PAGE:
Importantly, as a rough guide, the measure of financial literacy can be calculated as the sum of correct answers to these five questions. How do you think you went? Before scrolling down to the answers, take a look at the financial literacy scores of those that completed the quiz as part of the 2018 HILDA Survey.
As previously mentioned, when looking at the overall number of correct responses, less than 50% of those that completed the quiz were able to answer all five questions correctly.
Also, without drilling down into other demographic considerations (e.g. education, employment, etc.), as you can see, there is a gender divide and differences across age groups – hopefully this information will be used to further inform public policy moving forward (e.g. financial literacy in schools).
Lastly, upon further analysis, the 2018 HILDA Survey found a correlation between financial literacy scores (low, two or fewer correct answers; medium, three or four correct answers; high, five correct answers) and certain financial attitudes, financial behaviours and economic outcomes. For example, a high financial literacy score correlated with the following:
- Taking average or above-average financial risk.
- Having a longer saving and spending time horizon.
- Being future-orientated and premeditative (as opposed to impulsive).
- Saving in general, as well as saving regularly each month.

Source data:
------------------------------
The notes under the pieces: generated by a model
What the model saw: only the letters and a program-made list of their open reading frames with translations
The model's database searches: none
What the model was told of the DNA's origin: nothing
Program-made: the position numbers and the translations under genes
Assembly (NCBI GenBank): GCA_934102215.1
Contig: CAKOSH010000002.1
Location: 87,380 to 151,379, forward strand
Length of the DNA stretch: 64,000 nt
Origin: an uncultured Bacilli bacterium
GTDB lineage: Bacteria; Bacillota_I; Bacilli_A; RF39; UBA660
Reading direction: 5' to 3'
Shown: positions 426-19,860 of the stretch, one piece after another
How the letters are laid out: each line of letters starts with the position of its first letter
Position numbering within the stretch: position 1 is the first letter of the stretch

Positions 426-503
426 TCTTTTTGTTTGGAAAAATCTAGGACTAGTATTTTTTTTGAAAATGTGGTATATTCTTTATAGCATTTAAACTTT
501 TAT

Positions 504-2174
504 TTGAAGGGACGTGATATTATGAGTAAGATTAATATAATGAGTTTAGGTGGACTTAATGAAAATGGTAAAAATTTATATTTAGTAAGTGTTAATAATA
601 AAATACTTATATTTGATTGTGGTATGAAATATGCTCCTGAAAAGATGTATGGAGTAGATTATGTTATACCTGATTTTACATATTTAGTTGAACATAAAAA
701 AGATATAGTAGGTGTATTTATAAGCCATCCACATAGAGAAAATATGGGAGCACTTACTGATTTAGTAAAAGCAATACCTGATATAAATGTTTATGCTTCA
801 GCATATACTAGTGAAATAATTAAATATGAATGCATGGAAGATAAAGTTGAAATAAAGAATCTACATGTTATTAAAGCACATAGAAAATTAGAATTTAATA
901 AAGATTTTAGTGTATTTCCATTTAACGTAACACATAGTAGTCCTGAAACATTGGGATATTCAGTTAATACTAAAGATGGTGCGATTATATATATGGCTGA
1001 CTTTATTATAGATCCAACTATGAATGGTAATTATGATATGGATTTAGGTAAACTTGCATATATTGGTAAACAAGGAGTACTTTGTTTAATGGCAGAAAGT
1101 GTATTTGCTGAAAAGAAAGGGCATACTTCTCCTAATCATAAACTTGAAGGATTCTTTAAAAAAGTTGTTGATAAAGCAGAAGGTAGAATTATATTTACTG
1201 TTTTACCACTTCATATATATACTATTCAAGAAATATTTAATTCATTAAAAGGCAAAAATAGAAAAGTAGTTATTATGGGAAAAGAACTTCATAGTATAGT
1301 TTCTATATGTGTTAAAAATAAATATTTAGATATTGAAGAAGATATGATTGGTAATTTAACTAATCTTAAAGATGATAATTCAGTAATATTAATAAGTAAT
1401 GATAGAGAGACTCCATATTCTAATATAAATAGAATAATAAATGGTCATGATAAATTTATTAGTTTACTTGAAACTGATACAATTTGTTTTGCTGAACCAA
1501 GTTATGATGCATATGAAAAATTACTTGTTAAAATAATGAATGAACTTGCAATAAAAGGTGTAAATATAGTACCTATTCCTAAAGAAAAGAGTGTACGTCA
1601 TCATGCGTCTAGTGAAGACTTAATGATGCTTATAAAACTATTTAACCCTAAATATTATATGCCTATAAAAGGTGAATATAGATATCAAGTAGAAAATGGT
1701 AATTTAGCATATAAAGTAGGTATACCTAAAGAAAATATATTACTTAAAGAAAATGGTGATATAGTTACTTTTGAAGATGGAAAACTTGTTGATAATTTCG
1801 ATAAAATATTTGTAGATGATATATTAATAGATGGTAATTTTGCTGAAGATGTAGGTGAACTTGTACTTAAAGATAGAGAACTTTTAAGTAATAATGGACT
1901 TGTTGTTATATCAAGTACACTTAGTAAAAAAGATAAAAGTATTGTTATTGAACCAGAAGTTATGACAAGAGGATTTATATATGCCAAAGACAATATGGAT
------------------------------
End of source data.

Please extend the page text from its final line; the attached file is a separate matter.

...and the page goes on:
- Being involved in making household decisions about managing day-to-day spending and paying bills, large household purchases, as well as saving, investing and borrowing.
- Having a credit card for personal use and paying off the full balance each month.
- Having a higher income and net wealth.
- Being able to raise $3,000 for an emergency.
- Having a higher perception of satisfaction with their financial situation.
- Having a lower reporting of being in relative poverty* (and perception of being poor) and financial stress.
*Unable to afford the goods and services needed to enjoy a normal lifestyle, i.e. if household equivalised income is less than 50% of the median household equivalised income (e.g. according to the Australian Bureau of Statistics, $853 per week).
When it comes to achieving your financial goals and objectives, financial literacy plays an important ongoing role. Financial literacy is a life skill that will help you to make sound financial decisions and ultimately achieve individual financial wellbeing.
If you would like to further test your financial literacy then take some time to go through our quizzes, which cover a range of topics, such as cashflow and debt management, investments, superannuation, insurance planning, taxation and estate planning. Importantly, if you find that there are areas where you may need improvement then consider revisiting the relevant sections of the related learning modules.
- Numeracy. Answer = $102
- Inflation. Answer = Less
- Portfolio diversification. Answer = False
- Risk versus returns. Answer = True
- Money illusion. Answer = Exactly the same